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Keeping it in Perspective: A Woman’s Take on the Profession

Financial planning adviserIt’s amazing how much things have changed. Back in 2004, I was recruited by my adviser and changed my career from forensic accounting to financial planning. I can clearly remember my first day in the firm’s Monday morning training; I was the only woman in the group and the firm owner addressed us as, “Guys… and gal.” I imagine his limited experience with women in this role (the firm had only employed a few other women advisers) caused him to want to tread lightly. His effort to include me was sincere, but in the process he made me feel different. It may not be surprising to hear that many financial planning firms simply do not have a large number of female advisers on staff in 2016, but they were even more scarce in 2004.

Today, I own Sonstein Financial Group and 40% of my advisers are women. This is good news all around; not only are more women studying financial planning, they are converting that education to a career in the profession. A female adviser is no longer a novelty and my firm’s success demonstrates that a diverse workforce is good for business.

While a number of scientific studies, conducted by McKinsey & Company and others, have concluded that gender diversity is advantageous to businesses, sometimes the specifics of that conclusion are harder to see in practice. Rarely does a client walk through the door and request a female instead of a male adviser, but that doesn’t mean they won’t naturally gravitate to one over the other. The psychology of likeness is undeniable. In some cases this can mean gravitating toward a female over a male and vice versa.

About 10 years ago, one of my clients referred a female business owner to me. I was told that she didn’t “like” financial advisers and that she could be difficult to schedule an appointment with. Once I contacted her, she told me immediately that she was hesitant to meet because, “I’m so busy, I barely have time to do everything I have to already.”

I had been trained on how to respond when someone says they’re too busy to invest the time in planning for their future, but that training didn’t feel appropriate here. I recall pausing before responding, “Mike shared with me how successful your company is; though he did not share if you are a mom. As a business owner and a mom, it is obvious to me you are a mother as well. I find myself saying often that there is never enough time in the day to do it all.  I can hear your stress in your tone of voice and I am familiar with that tone.  Normally, clients meet me in my office; would it be easier for me to meet you at your office or home? Personally, I have an infant and I know how hard it is to be pulled in so many directions. Can we find a time and place for you to invest 30 minutes to focus on your personal and business goals and dreams? Running a household and a large company, you must be focusing on everyone else all the time, right? If you will allow me to, I will commit to learning what is important to you and focus only on that.”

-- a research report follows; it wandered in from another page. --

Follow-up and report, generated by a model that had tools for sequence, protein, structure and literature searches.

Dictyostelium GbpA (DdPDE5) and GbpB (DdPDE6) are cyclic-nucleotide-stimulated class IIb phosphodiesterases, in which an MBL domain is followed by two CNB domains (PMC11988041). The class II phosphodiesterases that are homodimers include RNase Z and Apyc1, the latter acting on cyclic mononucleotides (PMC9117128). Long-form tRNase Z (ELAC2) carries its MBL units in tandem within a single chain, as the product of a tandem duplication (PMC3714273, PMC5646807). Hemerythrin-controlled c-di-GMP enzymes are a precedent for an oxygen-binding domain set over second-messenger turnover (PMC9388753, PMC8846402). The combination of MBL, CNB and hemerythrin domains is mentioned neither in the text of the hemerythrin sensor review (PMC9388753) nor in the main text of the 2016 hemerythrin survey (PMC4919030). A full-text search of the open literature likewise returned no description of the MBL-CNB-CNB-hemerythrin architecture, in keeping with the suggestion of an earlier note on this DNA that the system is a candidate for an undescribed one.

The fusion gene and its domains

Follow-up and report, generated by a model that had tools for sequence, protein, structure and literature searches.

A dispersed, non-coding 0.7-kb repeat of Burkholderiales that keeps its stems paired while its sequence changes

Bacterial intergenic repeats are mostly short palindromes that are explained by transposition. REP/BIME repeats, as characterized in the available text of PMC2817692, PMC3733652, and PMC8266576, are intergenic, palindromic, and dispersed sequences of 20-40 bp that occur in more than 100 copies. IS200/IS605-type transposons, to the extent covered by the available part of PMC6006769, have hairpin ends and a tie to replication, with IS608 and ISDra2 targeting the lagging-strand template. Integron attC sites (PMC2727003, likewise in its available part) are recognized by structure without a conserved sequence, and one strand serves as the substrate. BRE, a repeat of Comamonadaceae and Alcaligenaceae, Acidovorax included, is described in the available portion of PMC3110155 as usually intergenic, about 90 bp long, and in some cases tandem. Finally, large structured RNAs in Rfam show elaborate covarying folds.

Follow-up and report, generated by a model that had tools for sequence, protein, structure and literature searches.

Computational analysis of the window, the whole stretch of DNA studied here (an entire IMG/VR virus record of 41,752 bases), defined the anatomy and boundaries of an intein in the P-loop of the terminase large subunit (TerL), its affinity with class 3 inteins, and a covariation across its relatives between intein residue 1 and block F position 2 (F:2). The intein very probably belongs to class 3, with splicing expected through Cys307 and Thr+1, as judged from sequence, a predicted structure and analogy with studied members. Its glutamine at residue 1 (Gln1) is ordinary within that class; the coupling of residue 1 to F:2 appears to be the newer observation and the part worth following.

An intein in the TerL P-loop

She told me years later that she became a client of mine in that moment. She shared in that first meeting with me that she has a child with special needs and wanted to provide for him. Additionally, she had concerns about the future of her business due to changes in the law, as well as her goals and dreams for her family and business. Today, she remains one of the firm’s largest clients.

Having a diverse workforce creates an opportunity to serve clients of all stripes. Working with a culturally and gender diverse firm, that has advisers who offer a range of life experiences, professional experiences and yes, genders to a client allows them to:

  • Create a more personal connection with their adviser.
  • Share openly what they truly value, as well as their goals and needs.
  • Be more receptive to professional advice.

Similarly, financial planning offers value to women in the profession. As a working mother, work-life balance is important to me. It’s true that building a successful business often means long hours, hard work and dedication, but financial planning also offers flexibility. I can schedule my time around school concerts, class trips, softball or soccer games. We’ve built a collaborative, cooperative environment at Sonstein Financial Group, not merely a group of producers. Advisers frequently fill in for one another during maternity leave and other absences. It takes a village, as they say.

As financial planning evolves and parts of it become more commoditized, I believe the firms most likely to survive will be those that recognize the importance of a diverse work culture, and value having a robust female perspective on the work they do. Doing so will better serve and will provide more value to our clients, in turn improving the bottom line for the firm. Additionally, it will model the advantages of the industry for women considering a career in financial planning, perpetuating even more inclusion. It’s been a successful model for my firm, and one I’m confident would work well for others.

Amy Sonstein, CPA/PFS is principal of Sonstein Financial Group in Marlton, NJ. Her practice offers a full range of strategic personal, business and estate planning advisement.

Financial planning adviser courtesy Shutterstock.

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